“Rape is not a mistake, it’s a crime.” This is how an iwas rape post from the Victoria Municipal Police Station (MPS) opens.
I know what you’re thinking—a good hook doesn’t always mean that the content will be good but hear them out. Victoria MPS’ post on how we can avoid rape is simple, straight to the point and actually directed at rapists this time.
Each bullet says “Huwag mang rape” in all caps, just in case anyone needed more emphasis. The list goes on to say that a person walking alone at night, meeting up, wearing short clothes and drinking too much alcohol is not an invitation to rape. The post also condemns roofies or date rape drugs, saying “Hindi porke iniwan ng ka date mo ang drinks niya ay pwede mo na lagyan ng gamot yun.”
Another all caps item in the list nails consent on the head. “Wala kang karapatan sa katawan ng kahit sino. Kahit asawa mo pa yan. You have to ask permission. At kapag sinabing hindi, learn to accept that. Hindi kakulangan sa pagkatao ninyo kapag hinindian kayo.”
Lastly, Victoria MPS warns that rapists will have to deal with the police after, so don’t try it.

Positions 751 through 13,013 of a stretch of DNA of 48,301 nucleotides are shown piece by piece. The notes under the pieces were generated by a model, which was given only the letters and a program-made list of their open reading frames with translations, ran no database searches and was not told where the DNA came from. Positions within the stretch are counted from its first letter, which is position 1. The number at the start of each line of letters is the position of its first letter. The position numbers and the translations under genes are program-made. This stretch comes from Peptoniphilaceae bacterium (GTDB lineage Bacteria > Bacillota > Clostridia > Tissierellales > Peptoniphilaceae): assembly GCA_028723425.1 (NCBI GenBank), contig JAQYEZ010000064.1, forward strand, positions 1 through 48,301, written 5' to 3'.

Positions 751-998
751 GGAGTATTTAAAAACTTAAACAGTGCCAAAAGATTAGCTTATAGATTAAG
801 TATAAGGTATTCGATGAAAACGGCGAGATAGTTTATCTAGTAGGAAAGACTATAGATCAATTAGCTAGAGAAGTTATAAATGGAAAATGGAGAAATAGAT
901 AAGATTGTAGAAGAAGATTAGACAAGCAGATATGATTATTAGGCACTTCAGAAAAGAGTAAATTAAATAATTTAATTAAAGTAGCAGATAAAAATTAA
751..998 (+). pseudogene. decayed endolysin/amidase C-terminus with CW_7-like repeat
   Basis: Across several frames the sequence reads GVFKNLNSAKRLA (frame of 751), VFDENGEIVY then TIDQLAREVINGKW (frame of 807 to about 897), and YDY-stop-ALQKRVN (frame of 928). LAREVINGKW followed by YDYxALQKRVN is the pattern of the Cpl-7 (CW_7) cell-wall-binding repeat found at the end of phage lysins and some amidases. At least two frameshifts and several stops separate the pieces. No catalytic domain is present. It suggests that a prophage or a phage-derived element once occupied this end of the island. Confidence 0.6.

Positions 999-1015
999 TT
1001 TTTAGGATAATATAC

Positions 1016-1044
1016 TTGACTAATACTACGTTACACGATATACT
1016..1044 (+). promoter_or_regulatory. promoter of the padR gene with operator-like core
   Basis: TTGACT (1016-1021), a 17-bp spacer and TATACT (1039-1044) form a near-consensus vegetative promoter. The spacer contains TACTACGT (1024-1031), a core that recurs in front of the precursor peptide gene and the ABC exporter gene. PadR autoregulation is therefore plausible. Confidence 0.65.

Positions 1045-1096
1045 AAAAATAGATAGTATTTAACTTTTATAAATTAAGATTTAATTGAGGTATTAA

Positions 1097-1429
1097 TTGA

We appreciate this, we really do. It’s a sign that people are listening and taking rape culture seriously. It also gets rid of victim-blaming sentiments that are usually at the core of posts like this.
But we hope it’s not just for clout. There have been instances where police have given women unsolicited advice about their outfits. The Philippine National Police themselves posted well-meaning but not so thought out rape prevention tips that tell women to “scream loudly for help” and “do not walk by yourself after dark.”
While it’s good that these law enforcers are learning, let’s hope that they actually practice what they preach and help educate other cops about consent, rape culture and victim-blaming to help in the long run.
LGUs should just stop with the problematic anti-rape tips
We hope #HijaAko serves as a wakeup call to end protecting celebrity sexual abusers
Must-reads on police brutality for citizens of a country afraid of its people
Is restorative justice the answer to ending rape culture?